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What’s Blooming in Paradise: Roses offer fragrances that attract pollinators

By Staff | Dec 9, 2015

Plant Subject: Blush Noisette Antique Rose

First impression: Delicate, creamy, fairy tale pink kissed flowers in a cluster to form the appearance of a large blossom. I can’t help but detect oodles of eye closing fragrance drifting in the air, attracting all kinds of pollinators. I notice the lovely, light green stems adorned with prickly thorns everywhere. The yen and yang of beauty with a price, you can see this awe inspiring bloom at the Botanical Gardens of the Sanibel Moorings.

Upon further investigation: Roses? I always had trouble making my roses last from season to season here in my paradise garden. I am not even close to being a rosarian, but I can share with you a few tips I picked up from a local horticulturist, Debbie Hughes.

Start with the antique varieties that are on their own rootstock. Antique roses are garden roses that date back to the 19th and 20th century. Most have lived happily without a lot of care in abandoned homes and cemeteries and seem to flourish even with neglect.

Three varieties I have had success with are Noisette, China, and Tea. Our rose in this article is a Noisette whose classification denotes a low compact shrub, with lots of flowers. The best time to trim up our beauty is in February. I routinely shape and corralled the limbs because I like the air to move between the stems. Wear gloves otherwise you will get snagged by the thorns.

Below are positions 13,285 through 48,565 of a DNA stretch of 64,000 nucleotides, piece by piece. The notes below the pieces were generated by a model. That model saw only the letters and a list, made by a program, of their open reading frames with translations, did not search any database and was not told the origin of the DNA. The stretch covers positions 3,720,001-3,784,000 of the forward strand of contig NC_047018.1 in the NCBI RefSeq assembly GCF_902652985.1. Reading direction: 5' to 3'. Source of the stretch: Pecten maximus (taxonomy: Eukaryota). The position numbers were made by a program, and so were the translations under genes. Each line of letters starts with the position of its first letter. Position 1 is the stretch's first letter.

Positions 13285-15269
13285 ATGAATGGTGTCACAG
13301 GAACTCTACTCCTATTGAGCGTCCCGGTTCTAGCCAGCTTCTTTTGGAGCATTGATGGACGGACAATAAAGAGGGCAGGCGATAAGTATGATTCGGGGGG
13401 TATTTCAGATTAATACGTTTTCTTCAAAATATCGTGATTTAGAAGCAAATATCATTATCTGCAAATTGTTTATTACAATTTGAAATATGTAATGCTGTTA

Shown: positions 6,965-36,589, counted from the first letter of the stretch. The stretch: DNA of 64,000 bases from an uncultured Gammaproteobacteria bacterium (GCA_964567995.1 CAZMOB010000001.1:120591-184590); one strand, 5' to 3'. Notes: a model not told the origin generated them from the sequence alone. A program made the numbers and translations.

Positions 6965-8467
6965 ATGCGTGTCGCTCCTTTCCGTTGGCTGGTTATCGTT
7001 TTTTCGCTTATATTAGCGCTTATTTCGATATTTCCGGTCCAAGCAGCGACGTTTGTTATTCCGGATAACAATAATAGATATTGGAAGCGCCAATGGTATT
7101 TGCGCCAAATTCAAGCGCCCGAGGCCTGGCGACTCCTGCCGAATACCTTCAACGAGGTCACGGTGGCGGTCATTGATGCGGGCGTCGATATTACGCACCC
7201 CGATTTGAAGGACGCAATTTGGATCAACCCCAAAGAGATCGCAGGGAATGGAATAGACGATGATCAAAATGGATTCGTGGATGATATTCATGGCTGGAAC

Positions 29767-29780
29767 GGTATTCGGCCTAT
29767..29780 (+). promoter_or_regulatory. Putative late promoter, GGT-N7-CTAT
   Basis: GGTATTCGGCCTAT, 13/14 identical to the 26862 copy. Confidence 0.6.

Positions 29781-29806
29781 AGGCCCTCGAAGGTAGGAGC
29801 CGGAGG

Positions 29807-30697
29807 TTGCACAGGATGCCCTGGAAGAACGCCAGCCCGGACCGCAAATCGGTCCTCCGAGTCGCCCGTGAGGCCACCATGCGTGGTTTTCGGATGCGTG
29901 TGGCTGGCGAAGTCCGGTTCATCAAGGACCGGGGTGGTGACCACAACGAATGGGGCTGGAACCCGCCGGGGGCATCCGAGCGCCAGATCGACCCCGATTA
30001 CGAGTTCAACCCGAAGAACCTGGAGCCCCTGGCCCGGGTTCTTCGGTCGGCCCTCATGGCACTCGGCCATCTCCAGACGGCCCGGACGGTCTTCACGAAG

Fertilize lightly in the spring and fall, with a slow release, coated fertilizer. Organic matter will decrease nematodes. I routinely give them my used coffee grounds. Be sure to plant in an area that will get six to eight hours of sunlight. You will appreciate this specific pioneer or antique rose’s easy nature and lack of pests and disease.

Interesting tidbit: Garden cultivation of roses began some 5,000 years ago, somewhere in China; Europe started importing them around the 18th century. Our variety Bush Noisette was hybridized by Louis Noisette, a famous nurseryman in Paris. Days gone by people treated roses as treasured objects and even bartered with them as money. Now a day we are blessed with many roses to choose from and should always take the time to adore them.

Pros:

Multiple blooms

Might take up reading Shakespeare

Pollinator attractor

Is great for cottage look in a garden

Great for potpourris

Noninvasive

Must have for inspirational prose

Cold tolerant

Cons:

Be careful with thorns

Pollinator attractor

May actually start to understand Shakespeare

Nonnative

Conclusion: Cameo blooms bursting, cascading, intoxicatingly fragrance never ending, in a fairy tale like setting. Ahhh – Follow those sprouting of odes to our garden in paradise. Don’t wanna miss this bloomer!